• Typically an apprenticeship is between 30-45 hours a week of work.
  • Less interaction with peers than University.
  • Little opportunity to make new friends and meet lots of new people.
  • Not enough money earned to move out and support yourself initially.


First Hand Experience –

For this part I will be recounting my own experience as an apprentice, giving my own pros and cons. I started my apprenticeship in August 2018 as a Digital Marketer. I was unfortunately made redundant from that specific job in February 2019 but was transferred by my apprenticeship training provider. Allowing me to continue with my apprenticeship course.

Pros –

  • I only have to work between the hours of 9-5 Monday-Friday. Which may be more hours than someone at Uni, but the relief of being able to go home every night with absolutely no cares or worries is pretty good.
  • Earning money is great, especially when I don’t have to spend much of it to support myself.
  • Regardless of what A-level results I got I was already offered my apprenticeship, which definitely took some pressure off.
  • I thoroughly enjoy what I do.

Cons –

  • I could be earning more if I chose a full time job after sixth-form.
  • My social life has dramatically decreased with friends going away to uni and there’s not really being a massive opportunity to meet new people.
  • I only have 28 days of holiday per year which is a dramatic change from school, especially after such a long study leave/summer holiday.


Full Time Employment –

Summary –

Rather than continuing any education at all you move straight into a full time job that doesn’t require university or apprenticeship qualifications. This option is probably the one you may have considered the least since it’s not promoted at school very much.

Since there is such a wide range of jobs available to people that have left sixth-form I’m not going to form this section as a pros and cons list. Instead I’ll give a short overview and what my friends personal experience has been like.

By choosing full time employment you’re going to definitely experience some benefits like earning way more than anyone in an apprenticeship or someone at Uni. With that money you can move out if you want or if you prefer you could stay at home. Being on a full time contract entitles you to a range of benefits. (Paid holiday, paid sick leave etc.)

However there are also some definite downsides like missing out on University experience, you don’t have many days of holidays and your social life will probably decrease due to friends going to uni. By not going to uni or doing an apprenticeship you wont be able to apply for certain jobs or industries.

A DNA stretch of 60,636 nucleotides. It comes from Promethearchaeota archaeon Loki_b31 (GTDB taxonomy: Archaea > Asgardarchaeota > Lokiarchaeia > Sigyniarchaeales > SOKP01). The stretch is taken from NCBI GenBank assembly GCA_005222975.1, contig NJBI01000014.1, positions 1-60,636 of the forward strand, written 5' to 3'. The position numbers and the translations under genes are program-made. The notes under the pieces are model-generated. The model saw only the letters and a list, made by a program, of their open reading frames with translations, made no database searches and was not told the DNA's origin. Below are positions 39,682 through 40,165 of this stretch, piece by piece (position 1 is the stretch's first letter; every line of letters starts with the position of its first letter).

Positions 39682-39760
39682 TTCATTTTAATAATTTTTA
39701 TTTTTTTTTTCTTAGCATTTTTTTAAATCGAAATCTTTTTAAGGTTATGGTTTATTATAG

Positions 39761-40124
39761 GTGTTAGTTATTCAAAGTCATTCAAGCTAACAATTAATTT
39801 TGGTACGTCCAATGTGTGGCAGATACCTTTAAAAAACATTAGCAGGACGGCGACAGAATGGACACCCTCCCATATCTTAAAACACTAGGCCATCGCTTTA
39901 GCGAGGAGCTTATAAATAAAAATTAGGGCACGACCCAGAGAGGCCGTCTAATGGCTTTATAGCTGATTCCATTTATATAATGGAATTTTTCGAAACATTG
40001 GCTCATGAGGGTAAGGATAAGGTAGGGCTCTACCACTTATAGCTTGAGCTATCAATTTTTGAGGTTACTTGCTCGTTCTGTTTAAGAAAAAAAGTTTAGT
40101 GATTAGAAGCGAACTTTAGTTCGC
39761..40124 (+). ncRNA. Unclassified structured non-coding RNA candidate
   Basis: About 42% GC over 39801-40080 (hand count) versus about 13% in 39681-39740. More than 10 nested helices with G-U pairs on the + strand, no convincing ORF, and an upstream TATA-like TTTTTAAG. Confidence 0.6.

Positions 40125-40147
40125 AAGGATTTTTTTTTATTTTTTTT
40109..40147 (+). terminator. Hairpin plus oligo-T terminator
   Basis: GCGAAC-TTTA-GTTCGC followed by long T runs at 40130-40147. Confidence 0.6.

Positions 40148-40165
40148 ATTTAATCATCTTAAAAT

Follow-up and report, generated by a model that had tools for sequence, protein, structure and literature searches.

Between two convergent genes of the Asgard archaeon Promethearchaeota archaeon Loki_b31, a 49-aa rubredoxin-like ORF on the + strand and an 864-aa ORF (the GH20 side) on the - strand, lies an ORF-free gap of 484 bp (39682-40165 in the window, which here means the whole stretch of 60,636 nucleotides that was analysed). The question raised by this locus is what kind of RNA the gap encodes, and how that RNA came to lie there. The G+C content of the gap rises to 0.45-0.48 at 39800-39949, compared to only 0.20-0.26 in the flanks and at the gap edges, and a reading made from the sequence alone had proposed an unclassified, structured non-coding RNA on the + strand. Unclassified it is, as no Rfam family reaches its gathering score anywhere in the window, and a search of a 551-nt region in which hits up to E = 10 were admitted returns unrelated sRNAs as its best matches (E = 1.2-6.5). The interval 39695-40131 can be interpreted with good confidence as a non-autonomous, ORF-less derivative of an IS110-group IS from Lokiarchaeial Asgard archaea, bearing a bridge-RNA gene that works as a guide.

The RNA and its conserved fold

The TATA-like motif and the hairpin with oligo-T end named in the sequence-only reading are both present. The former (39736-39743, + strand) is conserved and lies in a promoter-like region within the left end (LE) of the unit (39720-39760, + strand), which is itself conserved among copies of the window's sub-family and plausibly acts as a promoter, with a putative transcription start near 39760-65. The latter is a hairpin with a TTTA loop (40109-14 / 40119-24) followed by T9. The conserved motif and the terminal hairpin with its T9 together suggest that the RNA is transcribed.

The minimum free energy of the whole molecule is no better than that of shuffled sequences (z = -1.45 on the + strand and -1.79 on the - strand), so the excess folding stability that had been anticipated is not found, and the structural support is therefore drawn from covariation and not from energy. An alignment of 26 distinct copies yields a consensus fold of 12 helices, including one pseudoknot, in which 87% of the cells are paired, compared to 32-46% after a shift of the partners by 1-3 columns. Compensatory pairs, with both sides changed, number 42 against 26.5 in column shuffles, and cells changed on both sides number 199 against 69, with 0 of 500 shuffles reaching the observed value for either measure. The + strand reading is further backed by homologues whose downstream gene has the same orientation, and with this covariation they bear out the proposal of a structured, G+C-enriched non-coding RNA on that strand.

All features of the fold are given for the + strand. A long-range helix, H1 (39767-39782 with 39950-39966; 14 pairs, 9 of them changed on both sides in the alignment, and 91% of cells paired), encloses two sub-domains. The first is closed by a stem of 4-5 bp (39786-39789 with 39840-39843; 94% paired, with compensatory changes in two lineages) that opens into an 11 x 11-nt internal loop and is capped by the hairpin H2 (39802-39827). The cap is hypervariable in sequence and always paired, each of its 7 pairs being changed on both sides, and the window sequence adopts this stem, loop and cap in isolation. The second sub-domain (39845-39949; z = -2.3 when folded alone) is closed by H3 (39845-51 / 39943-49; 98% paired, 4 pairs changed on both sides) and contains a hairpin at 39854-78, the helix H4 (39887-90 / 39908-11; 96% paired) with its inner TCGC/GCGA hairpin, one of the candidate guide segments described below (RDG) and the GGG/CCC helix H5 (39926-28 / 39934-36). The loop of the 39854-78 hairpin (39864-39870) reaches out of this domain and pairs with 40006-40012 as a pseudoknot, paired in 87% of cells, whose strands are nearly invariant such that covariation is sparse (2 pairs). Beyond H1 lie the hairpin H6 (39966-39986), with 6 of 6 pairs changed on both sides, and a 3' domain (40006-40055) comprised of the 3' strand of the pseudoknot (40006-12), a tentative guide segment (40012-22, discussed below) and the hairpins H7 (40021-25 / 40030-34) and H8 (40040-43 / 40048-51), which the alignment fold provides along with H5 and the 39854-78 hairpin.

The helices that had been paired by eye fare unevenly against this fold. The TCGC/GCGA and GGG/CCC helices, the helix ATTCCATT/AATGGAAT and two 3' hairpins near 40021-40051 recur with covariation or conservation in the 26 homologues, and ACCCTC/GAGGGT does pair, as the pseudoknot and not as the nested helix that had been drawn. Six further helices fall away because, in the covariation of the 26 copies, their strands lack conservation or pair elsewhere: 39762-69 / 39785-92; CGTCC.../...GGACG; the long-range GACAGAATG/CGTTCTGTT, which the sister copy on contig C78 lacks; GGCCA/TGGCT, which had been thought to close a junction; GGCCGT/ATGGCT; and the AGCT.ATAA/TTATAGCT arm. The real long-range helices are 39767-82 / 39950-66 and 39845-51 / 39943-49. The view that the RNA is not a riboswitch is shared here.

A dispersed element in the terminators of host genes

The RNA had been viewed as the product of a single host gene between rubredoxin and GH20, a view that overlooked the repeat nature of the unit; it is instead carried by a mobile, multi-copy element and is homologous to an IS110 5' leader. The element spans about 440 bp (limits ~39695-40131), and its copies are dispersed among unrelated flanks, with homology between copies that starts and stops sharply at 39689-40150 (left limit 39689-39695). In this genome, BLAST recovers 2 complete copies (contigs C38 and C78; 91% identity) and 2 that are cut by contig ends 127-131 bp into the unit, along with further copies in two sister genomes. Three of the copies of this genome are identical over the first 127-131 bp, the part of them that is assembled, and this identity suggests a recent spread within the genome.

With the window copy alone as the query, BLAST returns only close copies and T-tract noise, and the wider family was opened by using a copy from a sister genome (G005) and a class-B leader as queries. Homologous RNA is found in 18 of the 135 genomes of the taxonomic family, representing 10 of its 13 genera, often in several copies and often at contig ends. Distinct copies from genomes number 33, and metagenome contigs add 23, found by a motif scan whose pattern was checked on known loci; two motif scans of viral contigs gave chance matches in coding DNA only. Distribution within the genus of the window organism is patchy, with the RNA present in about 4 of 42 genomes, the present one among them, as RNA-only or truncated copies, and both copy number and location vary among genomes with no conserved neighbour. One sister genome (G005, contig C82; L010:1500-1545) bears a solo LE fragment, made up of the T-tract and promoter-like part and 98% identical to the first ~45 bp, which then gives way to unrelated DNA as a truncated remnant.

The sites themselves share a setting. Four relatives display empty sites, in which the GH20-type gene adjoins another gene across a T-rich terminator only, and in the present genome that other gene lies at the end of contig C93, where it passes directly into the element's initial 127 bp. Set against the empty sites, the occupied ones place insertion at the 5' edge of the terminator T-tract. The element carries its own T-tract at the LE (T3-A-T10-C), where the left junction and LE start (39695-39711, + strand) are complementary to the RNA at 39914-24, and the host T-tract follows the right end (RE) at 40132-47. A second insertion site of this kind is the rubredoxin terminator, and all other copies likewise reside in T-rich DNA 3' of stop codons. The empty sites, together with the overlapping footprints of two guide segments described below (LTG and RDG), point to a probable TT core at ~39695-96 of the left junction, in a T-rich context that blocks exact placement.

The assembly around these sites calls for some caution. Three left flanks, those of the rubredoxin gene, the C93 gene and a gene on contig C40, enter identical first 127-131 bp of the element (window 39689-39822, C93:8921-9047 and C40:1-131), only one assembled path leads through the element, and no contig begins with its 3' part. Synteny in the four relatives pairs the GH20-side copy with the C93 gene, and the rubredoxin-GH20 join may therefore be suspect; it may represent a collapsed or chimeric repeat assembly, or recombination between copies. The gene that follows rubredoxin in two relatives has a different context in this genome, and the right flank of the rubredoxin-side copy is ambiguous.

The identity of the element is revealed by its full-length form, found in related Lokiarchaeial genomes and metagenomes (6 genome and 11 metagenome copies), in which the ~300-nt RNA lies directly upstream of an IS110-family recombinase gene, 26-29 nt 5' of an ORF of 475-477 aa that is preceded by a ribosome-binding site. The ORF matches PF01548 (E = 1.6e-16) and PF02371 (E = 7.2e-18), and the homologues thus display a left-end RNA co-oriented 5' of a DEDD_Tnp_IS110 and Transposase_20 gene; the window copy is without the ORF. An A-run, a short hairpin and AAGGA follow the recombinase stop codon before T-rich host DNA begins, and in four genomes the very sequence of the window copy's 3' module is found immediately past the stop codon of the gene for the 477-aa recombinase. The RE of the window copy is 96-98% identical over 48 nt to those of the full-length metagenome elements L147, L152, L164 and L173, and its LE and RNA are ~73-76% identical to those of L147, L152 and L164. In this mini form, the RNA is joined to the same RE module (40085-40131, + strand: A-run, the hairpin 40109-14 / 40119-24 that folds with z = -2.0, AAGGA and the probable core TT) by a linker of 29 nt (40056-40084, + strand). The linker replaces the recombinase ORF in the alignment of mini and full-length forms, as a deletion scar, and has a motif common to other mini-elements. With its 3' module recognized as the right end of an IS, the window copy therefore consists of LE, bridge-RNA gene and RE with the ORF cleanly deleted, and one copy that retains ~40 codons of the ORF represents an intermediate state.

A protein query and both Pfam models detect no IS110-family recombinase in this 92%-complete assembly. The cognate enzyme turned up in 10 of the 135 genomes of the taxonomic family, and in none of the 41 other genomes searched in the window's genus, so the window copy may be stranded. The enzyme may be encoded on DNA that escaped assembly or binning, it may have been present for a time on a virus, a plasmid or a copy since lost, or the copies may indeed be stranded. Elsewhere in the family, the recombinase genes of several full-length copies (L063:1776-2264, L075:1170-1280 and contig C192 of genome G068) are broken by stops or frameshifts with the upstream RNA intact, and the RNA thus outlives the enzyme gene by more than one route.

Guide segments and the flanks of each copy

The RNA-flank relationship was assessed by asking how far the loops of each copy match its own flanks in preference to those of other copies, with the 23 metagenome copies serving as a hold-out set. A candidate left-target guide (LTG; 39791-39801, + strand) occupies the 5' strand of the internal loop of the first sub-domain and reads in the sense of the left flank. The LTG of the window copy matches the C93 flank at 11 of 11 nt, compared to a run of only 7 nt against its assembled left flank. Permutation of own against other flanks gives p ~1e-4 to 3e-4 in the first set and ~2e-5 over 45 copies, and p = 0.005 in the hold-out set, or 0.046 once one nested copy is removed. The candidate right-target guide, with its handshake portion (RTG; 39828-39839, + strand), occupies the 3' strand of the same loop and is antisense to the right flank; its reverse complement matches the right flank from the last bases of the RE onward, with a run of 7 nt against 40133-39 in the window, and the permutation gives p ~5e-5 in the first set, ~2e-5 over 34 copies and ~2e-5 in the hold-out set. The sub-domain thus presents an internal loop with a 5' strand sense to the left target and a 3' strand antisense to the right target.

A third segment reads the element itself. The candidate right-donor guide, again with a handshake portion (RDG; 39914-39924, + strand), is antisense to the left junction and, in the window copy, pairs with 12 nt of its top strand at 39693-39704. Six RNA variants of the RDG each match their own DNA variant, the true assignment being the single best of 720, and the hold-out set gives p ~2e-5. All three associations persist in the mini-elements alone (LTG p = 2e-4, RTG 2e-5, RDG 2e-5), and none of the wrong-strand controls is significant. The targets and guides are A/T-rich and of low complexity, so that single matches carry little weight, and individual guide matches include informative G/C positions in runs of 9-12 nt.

Then there are some factors that really depend on what job you’re looking for. For instance someone may be going to Uni to follow their dream job but your dream job may need no qualifications at all. I.e working in a kitchen. Your ability to move up in your career path also depends on what industry you’re aiming for. You may have to take on lots of responsibilities, in and out of work hours.

Overall full time employment is definitely a viable option if you can find something that excites you or motivates you. Or if you have no clue what you want to do in life, whether its Uni or an apprenticeship, having a full time job is a good way to bide your time while you figure things out.


First hand experience –

For this part I asked a friend to give me his thoughts and opinions on full time work right after he finished sixth-form. He worked part time at a local Wetherspoons while he was at sixth-form and then went full time once sixth-form was finished. His position is in the kitchen and he still lives at home.

Pros –

  • Earns a nice amount.
  • Real world job experience.
  • Gets a taste of more responsibilities in and out of home.
  • Work with people of different ages. (Typically older)

Cons –

  • Doesn’t pay as well long term than a degree required job.
  • Limited career progression.
  • 18 feels quite early to be in full time work.


Summary –

In summary, each option has its own unique pros and cons that will suit people differently. Hopefully this blog has clearly explained these points so you can make a more informed decision about your future. And if you have made it this far thanks for reading and good luck with your future!

posted 20 Sep, 06:56 (735 days ago)